House Works: How to build a better chicken coop

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When it comes to food, people eventually make their way back to basics. Heritage vegetables, free-range meats, artisanal cheeses — they’re all examples of what I mean.


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No matter how modern and convenient our food system has become, it has a hard time delivering a close enough connection to the land for many of us. This dynamic is probably why backyard chicken husbandry is on the rise and, of course, this means an interest in backyard chicken houses of the kind I want to show you here.

We’ve kept chickens at our island home since 2002, and there’s one housing idea that we keep coming back to: modularity. A handful of smaller, semi-portable coops is better than one large, permanently anchored house.

This is especially true when you’re dealing with a city or suburban backyard. Permanent coops don’t make much sense in places like these, yet the serious drawbacks aren’t obvious until it’s too late. That’s why people keep building the wrong kind of chicken house, only to have to stick to it because they’ve invested so much in the structure.


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Permanent chicken houses are almost always troublesome and expensive to build. Lack of flexibility means they offer no chance to reduce or expand flock size.

Keeping chickens in one place all the time will turn that area of ​​your lawn into a dusty, vegetation-free wasteland. Permanent coops are also difficult to heat with winter sun — an issue that really matters here in Canada.

So what’s the solution? Something I designed call a modular coop “community”. One or more smaller, semi-portable backyard chicken barns that can be mixed and matched in different ways. Raise some day-old chicks in one, and use another as a production house for adult birds. Add a third house if you want to separate some birds.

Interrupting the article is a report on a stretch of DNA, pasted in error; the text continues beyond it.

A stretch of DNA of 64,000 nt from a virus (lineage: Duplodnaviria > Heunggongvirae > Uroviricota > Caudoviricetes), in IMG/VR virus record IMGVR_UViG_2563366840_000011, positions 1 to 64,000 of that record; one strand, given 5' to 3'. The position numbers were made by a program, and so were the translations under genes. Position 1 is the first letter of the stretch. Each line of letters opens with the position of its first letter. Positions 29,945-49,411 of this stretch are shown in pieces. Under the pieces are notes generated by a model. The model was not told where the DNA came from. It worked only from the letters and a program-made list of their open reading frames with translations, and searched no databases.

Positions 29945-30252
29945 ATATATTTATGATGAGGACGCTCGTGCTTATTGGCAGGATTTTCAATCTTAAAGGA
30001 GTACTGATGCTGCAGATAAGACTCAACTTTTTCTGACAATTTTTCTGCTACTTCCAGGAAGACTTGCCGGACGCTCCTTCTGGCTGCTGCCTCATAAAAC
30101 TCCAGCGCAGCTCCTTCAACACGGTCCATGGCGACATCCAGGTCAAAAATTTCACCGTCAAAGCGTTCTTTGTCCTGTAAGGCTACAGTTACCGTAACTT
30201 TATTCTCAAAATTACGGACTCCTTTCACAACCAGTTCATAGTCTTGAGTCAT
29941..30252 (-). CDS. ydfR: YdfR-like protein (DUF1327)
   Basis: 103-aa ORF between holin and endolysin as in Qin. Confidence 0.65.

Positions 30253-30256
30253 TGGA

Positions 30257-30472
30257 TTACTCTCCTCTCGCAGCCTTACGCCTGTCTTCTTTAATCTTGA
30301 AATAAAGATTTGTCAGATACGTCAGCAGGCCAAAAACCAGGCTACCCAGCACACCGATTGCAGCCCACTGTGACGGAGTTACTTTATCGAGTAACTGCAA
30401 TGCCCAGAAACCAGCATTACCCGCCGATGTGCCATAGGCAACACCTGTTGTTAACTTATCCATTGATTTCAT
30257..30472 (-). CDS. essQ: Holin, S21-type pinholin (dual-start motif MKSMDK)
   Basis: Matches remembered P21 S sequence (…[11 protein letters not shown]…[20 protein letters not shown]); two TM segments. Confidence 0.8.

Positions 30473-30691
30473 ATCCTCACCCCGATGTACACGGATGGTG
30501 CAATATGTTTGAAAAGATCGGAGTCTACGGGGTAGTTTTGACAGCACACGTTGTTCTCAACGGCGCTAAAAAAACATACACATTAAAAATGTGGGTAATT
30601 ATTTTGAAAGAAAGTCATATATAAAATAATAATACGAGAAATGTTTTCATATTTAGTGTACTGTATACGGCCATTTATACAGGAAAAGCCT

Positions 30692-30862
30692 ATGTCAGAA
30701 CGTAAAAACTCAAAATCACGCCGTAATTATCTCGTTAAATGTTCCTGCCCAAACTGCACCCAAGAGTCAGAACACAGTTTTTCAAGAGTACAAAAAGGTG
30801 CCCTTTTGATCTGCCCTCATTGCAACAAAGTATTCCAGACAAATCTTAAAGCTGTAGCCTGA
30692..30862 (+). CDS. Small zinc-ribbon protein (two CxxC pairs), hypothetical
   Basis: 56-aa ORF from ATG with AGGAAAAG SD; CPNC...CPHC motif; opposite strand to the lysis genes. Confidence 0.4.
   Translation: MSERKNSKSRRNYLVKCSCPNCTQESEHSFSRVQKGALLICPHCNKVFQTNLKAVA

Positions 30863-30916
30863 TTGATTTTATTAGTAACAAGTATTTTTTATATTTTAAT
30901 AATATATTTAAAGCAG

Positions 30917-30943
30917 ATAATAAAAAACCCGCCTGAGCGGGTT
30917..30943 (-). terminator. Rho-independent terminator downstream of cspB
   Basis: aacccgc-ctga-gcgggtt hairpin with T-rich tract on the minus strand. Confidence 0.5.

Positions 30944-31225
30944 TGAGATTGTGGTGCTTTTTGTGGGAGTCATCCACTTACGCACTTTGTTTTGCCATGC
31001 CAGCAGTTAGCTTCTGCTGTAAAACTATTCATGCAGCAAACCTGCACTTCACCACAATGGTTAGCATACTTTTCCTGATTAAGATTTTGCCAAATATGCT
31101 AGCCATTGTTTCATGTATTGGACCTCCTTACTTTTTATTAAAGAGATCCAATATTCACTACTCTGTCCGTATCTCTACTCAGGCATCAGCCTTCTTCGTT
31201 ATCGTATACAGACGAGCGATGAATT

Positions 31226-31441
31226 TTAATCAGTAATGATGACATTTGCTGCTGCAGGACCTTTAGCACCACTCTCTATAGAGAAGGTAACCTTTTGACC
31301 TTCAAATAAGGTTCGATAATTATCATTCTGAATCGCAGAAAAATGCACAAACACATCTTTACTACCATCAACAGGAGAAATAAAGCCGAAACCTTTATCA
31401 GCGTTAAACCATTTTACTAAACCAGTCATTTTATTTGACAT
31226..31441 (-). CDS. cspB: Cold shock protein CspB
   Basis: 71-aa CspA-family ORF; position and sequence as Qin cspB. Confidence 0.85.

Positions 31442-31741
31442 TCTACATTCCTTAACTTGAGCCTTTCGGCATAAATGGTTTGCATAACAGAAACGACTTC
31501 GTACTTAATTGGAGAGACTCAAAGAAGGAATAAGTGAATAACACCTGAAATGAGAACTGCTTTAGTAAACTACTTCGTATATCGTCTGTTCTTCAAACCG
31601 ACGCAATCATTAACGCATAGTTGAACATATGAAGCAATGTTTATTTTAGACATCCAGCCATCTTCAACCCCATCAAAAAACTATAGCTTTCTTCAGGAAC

The modular coops are solid and surprisingly warm in winter because of the clear, solar roof, yet easily ventilated in summer. Simple to build, this design can be moved to new locations when needed. Individual modules can be pulled out of production for a time to break pest cycles, and they’re easy to clean without standing in poop.


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The same Jacob Maxwell — now 15 — builds the modular chicken coop he helped design.
The same Jacob Maxwell — now 15 — builds the modular chicken coop he helped design. Photo by Steve Maxwell

My coop design sits on legs that raise the structure off the ground, keeping the wood of the coop well and truly dry and away from the soil. Nothing can rot because of soil contact, as it often does with other coops.

Raising the height of a chicken house like this also makes it perfect for winter use in areas that get snow. Although this design looks fancy, it’s really only a 5/8-inch plywood box. Nothing this substantial could be easier to build.

The opportunity to collect eggs without opening the chicken door is another advantage of the hinged roof. Simply swivel the top upwards, reach down into whatever nesting box you’re using, then retrieve the eggs. You can also replenish feed and water this way, too.

Although hens can get in an out of a very small door, having a large door makes it easier to move feed and water in from the side if you want, and move out manure when it’s time to clean the houses.


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In my design, nearly one whole side swings outwards, with no lip above the floor level. Manure and bedding is easy to scrape out.

This modular coop is ideal for keeping backyard chickens.  It's self-heating in winter, easily ventilated in summer and portable.
This modular coop is ideal for keeping backyard chickens. It’s self-heating in winter, easily ventilated in summer and portable. Photo by Len Churchill

There are more details here than I have space for, but you can download free plans for my chicken barn at

As practical as it is to keep backyard chickens, the real attraction is also because these birds are great fun to watch. In a world with too many screens in front of us, it’s refreshing to be entertained by something non-digital for a change. Try it and you’ll understand what they mean by “chicken TV”.

Steve Maxwell blends digital and outdoor rural life with his family on Manitoulin Island. Visit him at to learn and be entertained.




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